Watch Dogs

In 1997, retired advertising executive Dan FitzSimons proposed a new cable TV channel called The Puppy Channel: “24 hours a day, seven days a week, footage of puppies fooling around like puppies do, acting the natural comedians and cuties that they are, with no people, no talk, accompanied only by relaxing instrumental music.”

In focus group surveys, 41 percent of respondents said they would prefer watching the channel to CNBC, and 37 percent preferred it to TBS.

“It’s a Great Advantage to Be Able to Hurdle With Both Legs”

Memorable sportscasting quotes:

  • “And here’s Moses Kiptanui, the 19-year-old Kenyan, who turned 20 a few weeks ago.” (David Coleman)
  • “Juantorena opens his legs and shows his class.” (Ron Pickering)
  • “With half of the race gone, there is half of the race still to go.” (Murray Walker)
  • “What I said to them at halftime would be unprintable on the radio.” (Gerry Francis)
  • “I was in Saint-Etienne two years ago. It’s much the same as it is now, although now it’s completely different.” (Kevin Keegan)
  • “I imagine that the conditions in those cars are totally unimaginable.” (Murray Walker)
  • “The Baggio brothers, of course, are not related.” (George Hamilton)
  • “For those of you watching in black and white, Spurs are in the all-yellow strip.” (John Motson)

“Real Madrid are like a rabbit in the glare of the headlights in the face of Manchester United’s attacks,” Hamilton once said. “But this rabbit comes with a suit of armor in the shape of two precious away goals …”

Snow Miser

http://en.wikipedia.org/wiki/Image:Snowmangma_2.jpg

The world’s tallest snowman was Angus, King of the Mountain, built in Maine in 1999. He stood 113 feet 7 inches tall.

In Lithuania, a snowman is called “a man without brains.” Last winter, protesters made 141 snowmen in their capital — one for each member of parliament.

Zorbing

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Image: Wikimedia Commons

New Zealanders know how to make their own fun. They’ve taken to rolling down hills inside giant plastic balls called zorbs. Most contain straps to hold the rider in place; if you’re insane you can forgo the straps and fill the ball with water, creating a self-contained water chute.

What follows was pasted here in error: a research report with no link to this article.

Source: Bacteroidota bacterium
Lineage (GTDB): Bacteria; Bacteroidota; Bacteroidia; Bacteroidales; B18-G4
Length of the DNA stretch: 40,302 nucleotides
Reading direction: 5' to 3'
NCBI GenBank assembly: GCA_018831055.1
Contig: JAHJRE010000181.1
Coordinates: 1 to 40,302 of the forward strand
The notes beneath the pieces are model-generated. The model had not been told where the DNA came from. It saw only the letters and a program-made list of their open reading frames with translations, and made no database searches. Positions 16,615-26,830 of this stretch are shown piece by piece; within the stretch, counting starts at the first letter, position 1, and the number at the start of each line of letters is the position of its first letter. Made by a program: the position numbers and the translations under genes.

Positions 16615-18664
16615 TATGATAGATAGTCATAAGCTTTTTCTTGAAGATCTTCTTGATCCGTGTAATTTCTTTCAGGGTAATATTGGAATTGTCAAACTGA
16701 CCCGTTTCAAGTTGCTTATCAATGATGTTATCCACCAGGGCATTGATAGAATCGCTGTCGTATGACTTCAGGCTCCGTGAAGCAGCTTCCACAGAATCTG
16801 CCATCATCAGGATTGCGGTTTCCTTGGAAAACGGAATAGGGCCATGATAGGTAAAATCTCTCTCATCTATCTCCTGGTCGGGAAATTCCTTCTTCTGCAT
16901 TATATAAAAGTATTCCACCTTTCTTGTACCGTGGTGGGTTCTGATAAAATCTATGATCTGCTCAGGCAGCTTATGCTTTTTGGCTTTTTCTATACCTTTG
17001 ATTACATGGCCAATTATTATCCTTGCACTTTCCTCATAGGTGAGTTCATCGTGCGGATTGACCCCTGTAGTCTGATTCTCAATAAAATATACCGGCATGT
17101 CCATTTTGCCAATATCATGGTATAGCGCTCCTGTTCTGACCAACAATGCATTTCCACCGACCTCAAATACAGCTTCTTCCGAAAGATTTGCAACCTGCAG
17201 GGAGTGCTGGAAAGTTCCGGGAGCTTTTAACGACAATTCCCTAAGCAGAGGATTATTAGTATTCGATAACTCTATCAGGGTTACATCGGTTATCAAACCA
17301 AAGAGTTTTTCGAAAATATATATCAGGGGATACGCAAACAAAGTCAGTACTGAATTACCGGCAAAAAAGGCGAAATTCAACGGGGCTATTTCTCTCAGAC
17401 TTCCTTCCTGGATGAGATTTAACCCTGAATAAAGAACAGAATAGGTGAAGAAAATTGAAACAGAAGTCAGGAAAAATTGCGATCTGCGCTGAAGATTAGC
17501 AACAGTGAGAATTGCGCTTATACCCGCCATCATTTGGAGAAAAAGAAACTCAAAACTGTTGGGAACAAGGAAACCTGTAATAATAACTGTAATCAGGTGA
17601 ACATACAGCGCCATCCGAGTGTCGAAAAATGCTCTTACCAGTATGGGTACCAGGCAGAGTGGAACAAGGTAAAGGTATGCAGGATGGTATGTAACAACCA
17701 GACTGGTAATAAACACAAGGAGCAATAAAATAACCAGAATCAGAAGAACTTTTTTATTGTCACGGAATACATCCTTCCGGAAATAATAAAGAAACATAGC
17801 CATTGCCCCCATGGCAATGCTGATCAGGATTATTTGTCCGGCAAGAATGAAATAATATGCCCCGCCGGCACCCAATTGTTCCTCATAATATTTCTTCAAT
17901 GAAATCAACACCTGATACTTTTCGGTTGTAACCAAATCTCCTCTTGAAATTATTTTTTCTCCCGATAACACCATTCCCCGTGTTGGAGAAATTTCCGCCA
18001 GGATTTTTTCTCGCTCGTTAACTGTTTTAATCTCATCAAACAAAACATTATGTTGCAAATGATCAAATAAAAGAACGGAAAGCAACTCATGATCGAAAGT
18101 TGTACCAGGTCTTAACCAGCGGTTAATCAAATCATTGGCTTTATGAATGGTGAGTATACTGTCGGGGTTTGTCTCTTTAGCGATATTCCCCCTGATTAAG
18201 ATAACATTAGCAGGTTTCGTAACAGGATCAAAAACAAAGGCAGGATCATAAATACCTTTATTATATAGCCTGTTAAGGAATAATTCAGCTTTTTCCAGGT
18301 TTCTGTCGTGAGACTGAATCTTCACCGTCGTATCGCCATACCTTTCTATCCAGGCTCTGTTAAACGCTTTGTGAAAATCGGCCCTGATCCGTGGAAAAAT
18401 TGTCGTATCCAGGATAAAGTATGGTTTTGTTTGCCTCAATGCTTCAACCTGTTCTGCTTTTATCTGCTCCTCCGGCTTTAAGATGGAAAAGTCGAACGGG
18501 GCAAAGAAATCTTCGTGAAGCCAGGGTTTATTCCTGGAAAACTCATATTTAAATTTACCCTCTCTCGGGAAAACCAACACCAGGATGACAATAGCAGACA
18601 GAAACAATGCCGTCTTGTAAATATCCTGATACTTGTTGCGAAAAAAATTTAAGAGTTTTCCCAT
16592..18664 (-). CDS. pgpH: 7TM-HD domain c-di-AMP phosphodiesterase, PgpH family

The first U.S. facility opens this year in Tennessee. Brace yourself.

Star Power

In 1993 Bruce Willis appeared in a Japanese advertising campaign for the Subaru Legacy, so the company designed a car in his honor.

It’s called the Subaru Touring Bruce.

Sports Illustrated Cover Jinx

You’d think it would be an honor to appear on a magazine cover, but at Sports Illustrated it’s a curse. Braves third baseman Eddie Mathews appeared on the magazine’s very first issue, then suffered a hand injury a week later and missed seven games. Here’s what happened to other cover subjects:

  • Jan. 31, 1955: Skier Jill Kinmont hit a tree and was paralyzed from the neck down.
  • Nov. 18, 1957: After the headline “Why Oklahoma Is Unbeatable,” the Sooners immediately lost to Notre Dame.
  • May 26, 1958: Formula One driver Pat O’Connor was killed in a 15-car pileup.
  • Feb. 13, 1961: Figure skater Laurence Owen died in a plane crash.
  • Dec. 14, 1970: The University of Texas fumbled nine times against Notre Dame, losing the Cotton Bowl.
  • April 6, 1987: “Believe it! Cleveland is the best team in the American League!” The Indians lost 101 games that year.
  • Sept. 4, 1989: Baseball Commissioner Bart Giamatti’s words about Pete Rose appeared on the cover; days later, Giamatti died of a heart attack.
  • June 5, 1995: Giants third baseman Matt Williams broke his foot and missed two and a half months.

The magazine acknowledged the jinx by putting a black cat on a 2002 issue. Rams quarterback Kurt Warner refused to pose with the cat — and the Rams won their next two games and their second consecutive NFC championship.

No Message

When he wasn’t escaping straitjackets, Harry Houdini spent a lot of time debunking spiritualists.

Shortly before his death, he made a pact with his wife, Bess: If possible, he would contact her from the other side and deliver a prearranged coded message.

When he died, Bess lit a candle beside his photograph and kept it burning for 10 years, holding séances every Halloween to test the pact. Harry never spoke.

In 1936, after a final attempt on the roof of the Knickerbocker Hotel, Bess put out the candle.

“Ten years is long enough to wait for any man,” she said.